Today’s topics include Apple updating the MacBook Air, Mac Mini and iPad Pro, and Bleedingbit Bluetooth vulnerabilities exposing WiFi access points to risk.
Apple on Oct. 30 announced some important updates to the MacBook Air, Mac Mini and iPad Pros to compete with existing hardware from other manufacturers.
The Mac Mini has moved even more into the enterprise, providing workstation-like performance for a price that’s competitive with medium-priced desktop computers. It now has a choice of four or six core processors and up to 64 gigabytes of memory.
The MacBook Air now includes a new Retina display, Apple’s T2 security processor that handles tasks such as Touch ID and real-time encryption, the new Intel i5 CPU, a selection of SSD storage and the larger force-touch trackpad that can be clicked anywhere.
With the upgrades to the 12.9-inch iPad Pro, Apple has eliminated the home button and made the screen edge to edge.
Other updates include a new keyboard and cover that supports multiple viewing angles for the tablet, and a new Apple Pencil.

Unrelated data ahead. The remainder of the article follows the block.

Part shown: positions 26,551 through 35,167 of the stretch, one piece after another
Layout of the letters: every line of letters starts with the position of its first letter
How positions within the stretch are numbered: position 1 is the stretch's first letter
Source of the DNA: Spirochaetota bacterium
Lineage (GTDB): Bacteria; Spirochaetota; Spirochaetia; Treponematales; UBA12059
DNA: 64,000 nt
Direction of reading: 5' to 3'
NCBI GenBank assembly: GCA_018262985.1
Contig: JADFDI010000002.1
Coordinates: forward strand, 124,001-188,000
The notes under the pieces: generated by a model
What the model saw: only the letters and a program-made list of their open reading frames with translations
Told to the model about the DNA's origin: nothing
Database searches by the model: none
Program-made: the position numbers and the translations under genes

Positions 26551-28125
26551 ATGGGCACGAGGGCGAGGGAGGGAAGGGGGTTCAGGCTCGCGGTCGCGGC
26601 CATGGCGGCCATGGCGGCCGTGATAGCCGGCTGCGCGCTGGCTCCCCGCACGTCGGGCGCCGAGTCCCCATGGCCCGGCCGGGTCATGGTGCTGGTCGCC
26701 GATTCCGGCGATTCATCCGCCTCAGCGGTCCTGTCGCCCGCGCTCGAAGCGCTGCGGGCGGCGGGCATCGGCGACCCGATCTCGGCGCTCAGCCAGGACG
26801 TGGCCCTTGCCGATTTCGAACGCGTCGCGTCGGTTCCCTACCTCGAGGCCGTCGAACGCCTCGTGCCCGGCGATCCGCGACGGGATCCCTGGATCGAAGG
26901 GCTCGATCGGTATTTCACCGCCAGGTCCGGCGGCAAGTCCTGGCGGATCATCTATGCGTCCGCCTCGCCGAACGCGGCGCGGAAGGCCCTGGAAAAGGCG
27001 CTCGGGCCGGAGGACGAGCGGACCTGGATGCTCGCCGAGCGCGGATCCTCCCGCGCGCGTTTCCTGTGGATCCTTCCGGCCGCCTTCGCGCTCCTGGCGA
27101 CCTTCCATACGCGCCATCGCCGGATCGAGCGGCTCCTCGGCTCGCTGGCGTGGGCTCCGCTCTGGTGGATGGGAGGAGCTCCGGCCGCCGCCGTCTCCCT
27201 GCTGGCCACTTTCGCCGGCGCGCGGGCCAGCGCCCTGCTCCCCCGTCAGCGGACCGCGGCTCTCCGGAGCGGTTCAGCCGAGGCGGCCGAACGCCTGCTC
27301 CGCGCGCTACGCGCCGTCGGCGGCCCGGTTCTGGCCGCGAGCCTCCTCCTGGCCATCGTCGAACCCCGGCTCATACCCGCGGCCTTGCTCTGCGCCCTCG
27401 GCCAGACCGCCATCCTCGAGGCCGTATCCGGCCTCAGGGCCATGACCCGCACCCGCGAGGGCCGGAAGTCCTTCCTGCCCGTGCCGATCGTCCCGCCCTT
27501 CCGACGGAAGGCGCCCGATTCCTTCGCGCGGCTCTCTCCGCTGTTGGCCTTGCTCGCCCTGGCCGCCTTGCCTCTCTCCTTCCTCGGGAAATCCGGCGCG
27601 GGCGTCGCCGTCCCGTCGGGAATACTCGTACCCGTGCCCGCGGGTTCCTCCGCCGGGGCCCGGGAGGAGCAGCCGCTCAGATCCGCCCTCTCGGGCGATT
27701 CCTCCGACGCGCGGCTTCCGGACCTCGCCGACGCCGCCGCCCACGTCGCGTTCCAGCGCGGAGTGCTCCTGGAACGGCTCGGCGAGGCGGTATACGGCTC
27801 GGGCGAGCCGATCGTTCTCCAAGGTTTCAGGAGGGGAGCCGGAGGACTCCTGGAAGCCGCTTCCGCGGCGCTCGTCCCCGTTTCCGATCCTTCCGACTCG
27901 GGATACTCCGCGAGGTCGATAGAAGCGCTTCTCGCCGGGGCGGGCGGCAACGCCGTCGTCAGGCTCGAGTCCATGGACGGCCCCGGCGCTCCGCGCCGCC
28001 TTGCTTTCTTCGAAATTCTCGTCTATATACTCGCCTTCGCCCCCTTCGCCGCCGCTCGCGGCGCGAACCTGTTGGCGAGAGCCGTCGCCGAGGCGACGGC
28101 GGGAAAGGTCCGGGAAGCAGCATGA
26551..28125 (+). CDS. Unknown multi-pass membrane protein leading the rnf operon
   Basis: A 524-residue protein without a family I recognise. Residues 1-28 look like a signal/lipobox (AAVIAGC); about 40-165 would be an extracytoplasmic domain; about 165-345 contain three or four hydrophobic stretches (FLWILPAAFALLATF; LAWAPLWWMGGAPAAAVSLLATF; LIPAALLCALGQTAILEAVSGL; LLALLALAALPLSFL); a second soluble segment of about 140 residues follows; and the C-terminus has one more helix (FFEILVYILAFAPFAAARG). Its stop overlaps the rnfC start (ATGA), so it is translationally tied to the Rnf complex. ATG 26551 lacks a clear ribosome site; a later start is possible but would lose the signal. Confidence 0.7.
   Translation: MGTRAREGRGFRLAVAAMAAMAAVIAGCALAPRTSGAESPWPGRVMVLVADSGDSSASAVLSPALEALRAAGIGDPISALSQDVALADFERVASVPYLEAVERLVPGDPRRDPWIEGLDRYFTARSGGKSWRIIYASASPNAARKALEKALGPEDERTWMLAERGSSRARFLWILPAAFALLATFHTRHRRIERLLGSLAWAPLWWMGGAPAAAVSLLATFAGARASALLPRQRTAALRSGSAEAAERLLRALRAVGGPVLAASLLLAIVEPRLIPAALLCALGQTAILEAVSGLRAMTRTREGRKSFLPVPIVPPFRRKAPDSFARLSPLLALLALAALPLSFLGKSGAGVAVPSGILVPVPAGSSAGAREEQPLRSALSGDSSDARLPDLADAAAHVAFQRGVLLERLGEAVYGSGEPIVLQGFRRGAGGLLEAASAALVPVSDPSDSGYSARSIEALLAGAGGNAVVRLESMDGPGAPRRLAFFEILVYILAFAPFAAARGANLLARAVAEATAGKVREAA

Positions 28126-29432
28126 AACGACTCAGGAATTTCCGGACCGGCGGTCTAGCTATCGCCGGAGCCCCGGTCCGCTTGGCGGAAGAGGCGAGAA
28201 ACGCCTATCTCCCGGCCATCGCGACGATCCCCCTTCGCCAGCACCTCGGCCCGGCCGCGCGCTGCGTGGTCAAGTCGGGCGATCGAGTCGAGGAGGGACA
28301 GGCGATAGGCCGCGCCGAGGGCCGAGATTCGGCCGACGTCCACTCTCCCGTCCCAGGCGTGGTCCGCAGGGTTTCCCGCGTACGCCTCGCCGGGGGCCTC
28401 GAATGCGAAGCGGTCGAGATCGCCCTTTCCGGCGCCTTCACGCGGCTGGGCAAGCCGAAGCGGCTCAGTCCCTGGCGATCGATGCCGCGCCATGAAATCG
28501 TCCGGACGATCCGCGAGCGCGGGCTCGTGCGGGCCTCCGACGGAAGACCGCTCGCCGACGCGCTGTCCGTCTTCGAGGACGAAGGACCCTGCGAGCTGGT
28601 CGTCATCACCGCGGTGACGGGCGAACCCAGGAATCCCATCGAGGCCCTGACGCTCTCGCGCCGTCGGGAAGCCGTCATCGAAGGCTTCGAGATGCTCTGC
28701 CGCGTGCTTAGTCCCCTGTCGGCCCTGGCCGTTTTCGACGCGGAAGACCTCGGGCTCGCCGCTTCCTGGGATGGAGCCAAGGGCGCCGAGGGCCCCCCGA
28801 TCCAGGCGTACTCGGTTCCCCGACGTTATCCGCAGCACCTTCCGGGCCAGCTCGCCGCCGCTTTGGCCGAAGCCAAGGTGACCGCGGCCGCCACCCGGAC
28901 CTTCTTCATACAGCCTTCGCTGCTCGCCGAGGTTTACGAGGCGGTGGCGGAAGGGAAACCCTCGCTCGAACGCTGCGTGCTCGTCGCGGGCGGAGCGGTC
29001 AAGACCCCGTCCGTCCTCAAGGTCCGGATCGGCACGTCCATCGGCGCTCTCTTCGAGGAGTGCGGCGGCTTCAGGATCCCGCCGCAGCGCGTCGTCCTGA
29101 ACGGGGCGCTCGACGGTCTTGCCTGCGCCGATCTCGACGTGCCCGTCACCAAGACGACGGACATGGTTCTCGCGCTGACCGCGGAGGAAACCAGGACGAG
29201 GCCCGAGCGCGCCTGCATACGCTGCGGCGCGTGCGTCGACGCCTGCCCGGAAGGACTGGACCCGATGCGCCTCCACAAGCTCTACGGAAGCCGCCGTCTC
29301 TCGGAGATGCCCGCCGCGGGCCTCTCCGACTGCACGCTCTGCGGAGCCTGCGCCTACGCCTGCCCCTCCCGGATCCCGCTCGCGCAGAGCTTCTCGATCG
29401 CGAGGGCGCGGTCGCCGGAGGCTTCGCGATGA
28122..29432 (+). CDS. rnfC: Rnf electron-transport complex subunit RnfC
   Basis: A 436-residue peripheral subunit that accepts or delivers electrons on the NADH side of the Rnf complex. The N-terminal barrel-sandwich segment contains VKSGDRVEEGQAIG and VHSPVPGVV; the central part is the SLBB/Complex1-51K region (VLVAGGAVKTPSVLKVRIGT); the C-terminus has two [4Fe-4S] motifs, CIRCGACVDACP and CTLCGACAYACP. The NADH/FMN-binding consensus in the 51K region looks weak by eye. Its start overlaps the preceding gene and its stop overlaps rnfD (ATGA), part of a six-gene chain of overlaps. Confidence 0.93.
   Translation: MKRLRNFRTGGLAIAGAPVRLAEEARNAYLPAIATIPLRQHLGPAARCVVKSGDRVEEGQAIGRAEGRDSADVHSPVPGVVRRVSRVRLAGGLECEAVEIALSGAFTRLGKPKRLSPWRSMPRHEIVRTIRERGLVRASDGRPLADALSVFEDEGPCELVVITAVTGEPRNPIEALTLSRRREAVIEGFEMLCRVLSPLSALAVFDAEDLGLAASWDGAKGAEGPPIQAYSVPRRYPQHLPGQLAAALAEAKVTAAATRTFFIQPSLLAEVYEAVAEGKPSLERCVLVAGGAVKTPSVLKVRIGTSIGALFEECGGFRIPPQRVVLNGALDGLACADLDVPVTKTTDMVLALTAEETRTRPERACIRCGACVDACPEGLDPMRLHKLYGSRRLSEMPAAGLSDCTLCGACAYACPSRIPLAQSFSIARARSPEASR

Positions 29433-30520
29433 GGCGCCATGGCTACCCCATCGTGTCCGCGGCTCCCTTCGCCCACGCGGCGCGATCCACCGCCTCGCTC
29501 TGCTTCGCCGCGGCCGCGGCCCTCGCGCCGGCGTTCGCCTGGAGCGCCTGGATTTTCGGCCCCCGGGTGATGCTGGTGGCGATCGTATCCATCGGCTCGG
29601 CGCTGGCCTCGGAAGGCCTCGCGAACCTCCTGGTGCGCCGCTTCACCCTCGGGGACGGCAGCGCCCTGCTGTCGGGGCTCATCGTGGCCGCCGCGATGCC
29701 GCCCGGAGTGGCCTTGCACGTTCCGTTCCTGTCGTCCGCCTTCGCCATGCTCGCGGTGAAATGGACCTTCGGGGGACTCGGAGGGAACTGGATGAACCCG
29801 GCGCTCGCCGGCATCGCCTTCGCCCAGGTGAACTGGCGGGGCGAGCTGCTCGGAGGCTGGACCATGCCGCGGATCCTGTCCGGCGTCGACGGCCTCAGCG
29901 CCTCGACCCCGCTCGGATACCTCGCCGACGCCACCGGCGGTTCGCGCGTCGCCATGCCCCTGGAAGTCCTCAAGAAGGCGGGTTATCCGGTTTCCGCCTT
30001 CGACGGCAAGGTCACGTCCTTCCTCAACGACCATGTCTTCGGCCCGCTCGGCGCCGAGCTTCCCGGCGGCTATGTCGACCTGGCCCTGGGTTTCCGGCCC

Internet of things security firm Armis on Nov. 1 announced a set of new Bluetooth flaws called Bleedingbit, which impacts Bluetooth Low Energy chips made by Texas Instruments that are used in Cisco, Meraki and Aruba wireless access points.
According to Armis, the impacted vendors were all contacted in advance of the disclosure so that patches could be made available.
The Bleedingbit vulnerabilities include two issues that could have potentially enabled an attacker to gain unauthorized access to an enterprise network. One is a memory corruption issue that impacts Texas Instruments BLE chips, and the other is a backdoor within the over-the-air firmware download capability on the TI BLE chip.